With developers insisting that Walgreens is the most likely tenant of an multi-million dollar proposed renovation of the old American Legion buildling on Magazine Street, many of the nearly 200 people at a Wednesday-night town hall on the project focused their questions on the planned design of its modern, glass-wall facade and large rear parking lot and drive-through.
Many of the details of the nearly $6 million purchase and renovation had already been described by the leaders of three surrounding neighborhoods in a letter last month — with the exception of the new revelation that the store plans to sell beer and wine, in contrast to leaders’ previous expectation that no alcohol would be sold in the new Walgreens.
Walgreens executives have yet to commit to the Magazine Street project (which would include closing their location on Tchoupitoulas), said developer Louis Stirling Properties, but appear to be the tenant most likely to be able to pay the building’s $600,000 lease. Stirling’s plan for the building includes removing its brick front completely and replacing it with a glass wall with steel columns — not unlike nearby Whole Foods — and many residents asked why such a modern design was chosen.
“We’re modern architects,” replied architect Mac Ball of New Orleans. “We’re designing buildings now, not in the 19th century.”
Stirling noted his appreciation for the classic architecture of New Orleans, pointing out that he was the developer who redesigned the old Bultman Funeral Home for Borders on St. Charles Avenue. But the American Legion building’s architecture is not historic to be restored, he said.
“I like old. I love old,” Stirling said, describing his desire to develop buildings that will stand the test of time. “I also know that if I build a fake old one, half the people in this room are going to hate that, too. … I think modern architecture works better in this location than not.”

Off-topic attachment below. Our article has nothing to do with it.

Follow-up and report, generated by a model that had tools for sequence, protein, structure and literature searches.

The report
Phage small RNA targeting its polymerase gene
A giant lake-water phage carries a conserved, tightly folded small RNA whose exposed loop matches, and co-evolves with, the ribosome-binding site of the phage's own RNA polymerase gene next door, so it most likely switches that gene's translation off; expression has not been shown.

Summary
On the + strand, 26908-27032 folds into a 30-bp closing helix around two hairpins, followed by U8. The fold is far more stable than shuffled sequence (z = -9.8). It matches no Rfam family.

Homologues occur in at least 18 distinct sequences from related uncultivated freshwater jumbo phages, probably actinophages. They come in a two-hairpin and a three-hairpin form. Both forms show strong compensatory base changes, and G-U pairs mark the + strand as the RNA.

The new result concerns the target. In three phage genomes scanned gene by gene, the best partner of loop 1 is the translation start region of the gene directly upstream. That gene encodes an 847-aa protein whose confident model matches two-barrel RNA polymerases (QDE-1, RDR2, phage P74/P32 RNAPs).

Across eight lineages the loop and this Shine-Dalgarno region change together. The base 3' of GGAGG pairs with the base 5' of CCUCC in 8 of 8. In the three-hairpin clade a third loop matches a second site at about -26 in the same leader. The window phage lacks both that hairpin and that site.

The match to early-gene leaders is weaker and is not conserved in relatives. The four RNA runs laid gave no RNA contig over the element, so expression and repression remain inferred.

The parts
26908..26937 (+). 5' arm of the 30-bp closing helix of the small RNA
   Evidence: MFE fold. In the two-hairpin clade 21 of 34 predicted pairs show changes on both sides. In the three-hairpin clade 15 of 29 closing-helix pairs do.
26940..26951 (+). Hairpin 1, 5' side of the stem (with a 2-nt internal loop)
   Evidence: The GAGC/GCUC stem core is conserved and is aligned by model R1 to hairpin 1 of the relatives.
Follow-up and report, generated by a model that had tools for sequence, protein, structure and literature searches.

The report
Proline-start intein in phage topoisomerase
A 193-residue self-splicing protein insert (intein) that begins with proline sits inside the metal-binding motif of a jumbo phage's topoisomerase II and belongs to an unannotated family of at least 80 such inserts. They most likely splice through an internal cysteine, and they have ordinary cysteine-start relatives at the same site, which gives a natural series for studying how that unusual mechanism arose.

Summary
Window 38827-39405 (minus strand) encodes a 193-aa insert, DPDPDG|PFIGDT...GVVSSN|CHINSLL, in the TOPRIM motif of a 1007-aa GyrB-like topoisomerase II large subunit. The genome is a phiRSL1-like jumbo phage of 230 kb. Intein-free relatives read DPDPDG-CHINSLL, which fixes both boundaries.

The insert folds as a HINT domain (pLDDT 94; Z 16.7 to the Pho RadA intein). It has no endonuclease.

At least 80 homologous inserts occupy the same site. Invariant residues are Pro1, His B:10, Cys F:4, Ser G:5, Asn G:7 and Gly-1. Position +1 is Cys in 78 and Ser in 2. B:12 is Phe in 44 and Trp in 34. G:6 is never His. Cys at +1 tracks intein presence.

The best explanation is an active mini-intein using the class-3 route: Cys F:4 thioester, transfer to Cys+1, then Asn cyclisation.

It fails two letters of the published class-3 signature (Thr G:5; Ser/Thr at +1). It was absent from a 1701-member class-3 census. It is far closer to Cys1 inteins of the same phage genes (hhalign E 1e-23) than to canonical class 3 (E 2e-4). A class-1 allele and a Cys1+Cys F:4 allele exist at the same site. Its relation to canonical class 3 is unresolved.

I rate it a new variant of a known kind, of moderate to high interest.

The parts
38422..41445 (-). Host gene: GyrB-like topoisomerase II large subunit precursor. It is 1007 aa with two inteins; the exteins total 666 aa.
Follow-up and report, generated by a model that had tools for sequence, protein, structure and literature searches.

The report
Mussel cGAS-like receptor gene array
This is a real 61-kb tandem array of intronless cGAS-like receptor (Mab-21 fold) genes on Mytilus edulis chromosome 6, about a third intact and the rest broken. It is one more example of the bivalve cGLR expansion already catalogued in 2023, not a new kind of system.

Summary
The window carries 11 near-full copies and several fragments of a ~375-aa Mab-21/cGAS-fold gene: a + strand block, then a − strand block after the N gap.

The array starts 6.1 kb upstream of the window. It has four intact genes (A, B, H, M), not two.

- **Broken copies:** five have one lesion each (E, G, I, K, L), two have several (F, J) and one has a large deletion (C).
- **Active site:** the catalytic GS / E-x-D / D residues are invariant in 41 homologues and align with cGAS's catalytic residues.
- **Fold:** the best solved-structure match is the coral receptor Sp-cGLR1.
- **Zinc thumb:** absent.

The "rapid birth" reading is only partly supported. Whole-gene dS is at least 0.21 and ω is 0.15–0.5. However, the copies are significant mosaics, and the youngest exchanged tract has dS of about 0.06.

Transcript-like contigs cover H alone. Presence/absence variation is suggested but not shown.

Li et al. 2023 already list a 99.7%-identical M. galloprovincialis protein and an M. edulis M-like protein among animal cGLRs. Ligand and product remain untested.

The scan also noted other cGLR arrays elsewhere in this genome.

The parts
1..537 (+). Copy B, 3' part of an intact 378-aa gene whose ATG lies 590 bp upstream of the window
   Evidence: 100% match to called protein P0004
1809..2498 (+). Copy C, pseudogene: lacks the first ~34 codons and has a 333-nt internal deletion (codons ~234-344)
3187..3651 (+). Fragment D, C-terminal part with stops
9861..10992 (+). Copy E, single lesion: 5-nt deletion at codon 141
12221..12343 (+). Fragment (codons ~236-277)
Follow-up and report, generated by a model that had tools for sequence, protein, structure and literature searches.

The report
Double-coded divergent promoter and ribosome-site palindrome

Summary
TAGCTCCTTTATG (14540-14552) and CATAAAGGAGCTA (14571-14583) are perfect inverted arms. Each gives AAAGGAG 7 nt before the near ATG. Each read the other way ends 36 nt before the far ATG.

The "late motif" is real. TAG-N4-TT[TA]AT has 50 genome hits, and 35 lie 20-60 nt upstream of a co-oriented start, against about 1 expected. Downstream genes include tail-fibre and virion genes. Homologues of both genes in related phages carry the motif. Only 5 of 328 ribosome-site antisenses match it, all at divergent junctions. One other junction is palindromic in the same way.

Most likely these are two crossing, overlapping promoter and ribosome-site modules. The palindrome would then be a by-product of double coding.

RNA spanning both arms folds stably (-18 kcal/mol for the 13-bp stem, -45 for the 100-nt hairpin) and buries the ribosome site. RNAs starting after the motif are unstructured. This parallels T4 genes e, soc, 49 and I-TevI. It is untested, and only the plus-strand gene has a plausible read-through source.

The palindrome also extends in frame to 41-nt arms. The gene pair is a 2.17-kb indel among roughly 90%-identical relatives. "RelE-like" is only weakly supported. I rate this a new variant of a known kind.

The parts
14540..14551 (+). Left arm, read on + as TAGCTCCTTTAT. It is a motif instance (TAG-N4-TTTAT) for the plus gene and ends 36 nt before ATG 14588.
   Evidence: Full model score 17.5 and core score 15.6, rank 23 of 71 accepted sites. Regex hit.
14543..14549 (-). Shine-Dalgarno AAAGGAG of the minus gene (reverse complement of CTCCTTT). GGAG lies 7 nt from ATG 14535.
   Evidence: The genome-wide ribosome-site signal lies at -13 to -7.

Stirling was also asked about the idea that because pharmacies with drive-through windows are explicitly mentioned in C-1A zoning, rather than the more general B-2 zoning of the American Legion property, it may not be allowed. Peter Aamodt, a vice president with Stirling, replied that many pharmacies in the city are zoned B-2 and that early conversations with the city planning staff suggest the use would be allowed.
At the audience’s urging, Stirling committed to continue meeting with the neighborhoods as the project develops. The company’s participation in Wednesday night’s town hall drew applause when pointed out several times during the meeting.
Referencing the recent controversy over the Romney Pilates Studio under construction just a block down the street, nearby resident Mark Zelden said he is still undecided on the Walgreens project, but that it should be judged on its own merits. Many Uptown residents were unpleasantly surprised by the shape of the large Romney building when its structure became clear in December, and Zelden urged Stirling not to “hedge” with the residents.
“Please, God forbid that we agree to something and we move forward and we find out that people weren’t straight with us,” Zelden said, to the loudest round of applause for the evening.
To read a recap of the meeting in its entirety, click in the box below for our live coverage from Wednesday night..